Words of Encouragement
First, you can build up other, be a kingdom builder, by words of encouragement. To the church at Ephesus, Paul says, “Do not let any unwholesome talk come out of your mouths, but only what is helpful for building others up according to their needs, that it may benefit those who listen” (Ephesians 4:29 NIV). What a wonderful command by the Apostle Paul, to say things to others that will build them up so it will benefit them.
One of the most beautiful passages in the Bible can be found when Jesus was baptized. John the Baptist was baptising people in the River Jordan, preaching a message of repentance, telling people to prepare their hearts for the coming Messiah. Then Jesus appeared to John and asks for baptism. Jesus didn’t need baptism, but He was baptised “to fulfil all righteousness” (Matthew 3:15). Then we are told that “as soon as Jesus was baptised, he went up out of the water. At that moment heaven opened, and he saw the Spirit of God descending like a dove and lightning on him” (Matthew 3:16 NIV). What spectacular sight that would have been! But then something beautiful happened. God spoke, saying “This is my Son, whom I love; with him I am well pleased” (Matthew 3:17 NIV). What affirming words! Words of love! Words of encouragement as Jesus set out for His three years of incredible ministry. Then, when it was nearing to His Son’s death, God the Father again wanted to reassure and build up Jesus. It was an amazing event where Jesus and His inner circle went to a Mountain where we are told Jesus was transfigured. From a cloud that covered Jesus, God spoke to all those presence, “This is my Son, whom I love. Listen to him!” (Mark 9:7 NIV). What beautiful words of affirmation and encouragement from His Father. Not only did these words build Jesus up with courage, they also built Jesus up to those within His inner circle. Years later, Peter would remember this most amazing event and the words that they heard from God (2 Peter 1:16-18).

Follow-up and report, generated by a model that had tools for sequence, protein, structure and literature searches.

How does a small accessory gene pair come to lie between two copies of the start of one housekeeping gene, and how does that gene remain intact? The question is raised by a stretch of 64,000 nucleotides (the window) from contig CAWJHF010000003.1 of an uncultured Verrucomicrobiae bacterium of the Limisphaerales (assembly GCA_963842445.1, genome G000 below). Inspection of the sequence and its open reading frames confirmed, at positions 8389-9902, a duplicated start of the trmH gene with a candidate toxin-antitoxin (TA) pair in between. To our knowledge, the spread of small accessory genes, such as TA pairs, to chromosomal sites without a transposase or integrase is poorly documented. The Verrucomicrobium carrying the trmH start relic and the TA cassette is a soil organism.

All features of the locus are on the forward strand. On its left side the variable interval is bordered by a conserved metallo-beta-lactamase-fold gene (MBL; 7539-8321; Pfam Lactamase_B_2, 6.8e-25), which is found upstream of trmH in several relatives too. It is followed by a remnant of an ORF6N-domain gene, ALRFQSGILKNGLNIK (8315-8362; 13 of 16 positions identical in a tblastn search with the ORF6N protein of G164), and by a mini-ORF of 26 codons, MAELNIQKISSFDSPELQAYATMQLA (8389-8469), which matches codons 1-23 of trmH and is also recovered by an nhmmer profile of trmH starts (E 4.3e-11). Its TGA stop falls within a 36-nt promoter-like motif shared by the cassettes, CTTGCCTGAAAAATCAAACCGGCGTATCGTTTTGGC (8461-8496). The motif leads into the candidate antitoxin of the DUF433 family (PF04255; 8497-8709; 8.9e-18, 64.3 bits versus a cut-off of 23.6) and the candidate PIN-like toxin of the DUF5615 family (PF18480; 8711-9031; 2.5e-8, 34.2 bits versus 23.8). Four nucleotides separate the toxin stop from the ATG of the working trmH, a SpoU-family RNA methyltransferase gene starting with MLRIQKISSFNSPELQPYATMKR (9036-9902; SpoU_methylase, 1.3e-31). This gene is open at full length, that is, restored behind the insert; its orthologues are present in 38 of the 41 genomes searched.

I read this during the week: “A word of encouragement during a failure is worth more than an hour of praise after success”.
31 years ago, I was invited to preach my very first sermon. I was 18 years old doing my first year of Bible College, and my student church – North Turramurra Church of Christ asked me to preach. I was very excited. For years as a teenager I would dream of preaching – not your usual teenager dream. On the Saturday before preaching the sermon, I went up to the church to practice behind the big pulpit. I asked dad, who was a preacher himself, to come up and listen to me. So here I was in this church behind a big pulpit and dad was sitting in one of the wooden pews. I looked at my notes and froze. Then when I got started I wasn’t what I dreamt all those years. In a monotone voice I was reading word for word my sermon and I just lost it. I cried, saying to dad I can’t do it. Dad quietly but sternly, “Yes you can, son. God is with you and He has called you to be a preacher. Now, slow down, take a breath, and ask God to help you. And He will”. That’s all I needed to hear. Someone who believed that I could. Someone who built me up when I felt so low.
So, first, be a kingdom builder by using words of encouragement.
Second, be a kingdom builder by your presence. Sometimes just being there can build up a person. God sends people into our lives, at the right moment for the right purpose. Sometimes it can be the most unexpected person.
King David had reigned Israel’s mighty kingdom. Later in years, his son Absalom plotted to kill his father David and take over the throne. Somehow David could not bring himself to believe that his oldest living son would turn traitor and turn from everything for which his father stood. And yet Absalom had carefully designed and executed a plan to take possession of the throne of Israel. An aging dad was left little choice - run and regroup.
David fled with his household and hundreds of loyal supporters. Imagine the feeling that David had - fleeing the kingdom he had so successfully built - now it was slipping away from his very eyes. No doubt he was extremely discouraged by his son’s evil plot.
In his despair, God sent to him an unusual person. His name is Ittai. In fact, so unusual is this that David said, “Why should you come along with us? Go back and stay with King Absalom. You are a foreigner, an exile from your homeland” (2 Samuel 15:19 NIV). Here was a complete stranger - a person who wasn’t even an Israelite! And yet Ittai said back: “As surely as the LORD lives, and as my lord the king lives, wherever my lord the king may be, whether it means life or death, there will your servant be” (2 Samuel 15:21 NIV).
In his time of despair, God sent a stranger to David who promised his utter loyalty - even if it meant death to himself. What an encouragement Ittai was to King David.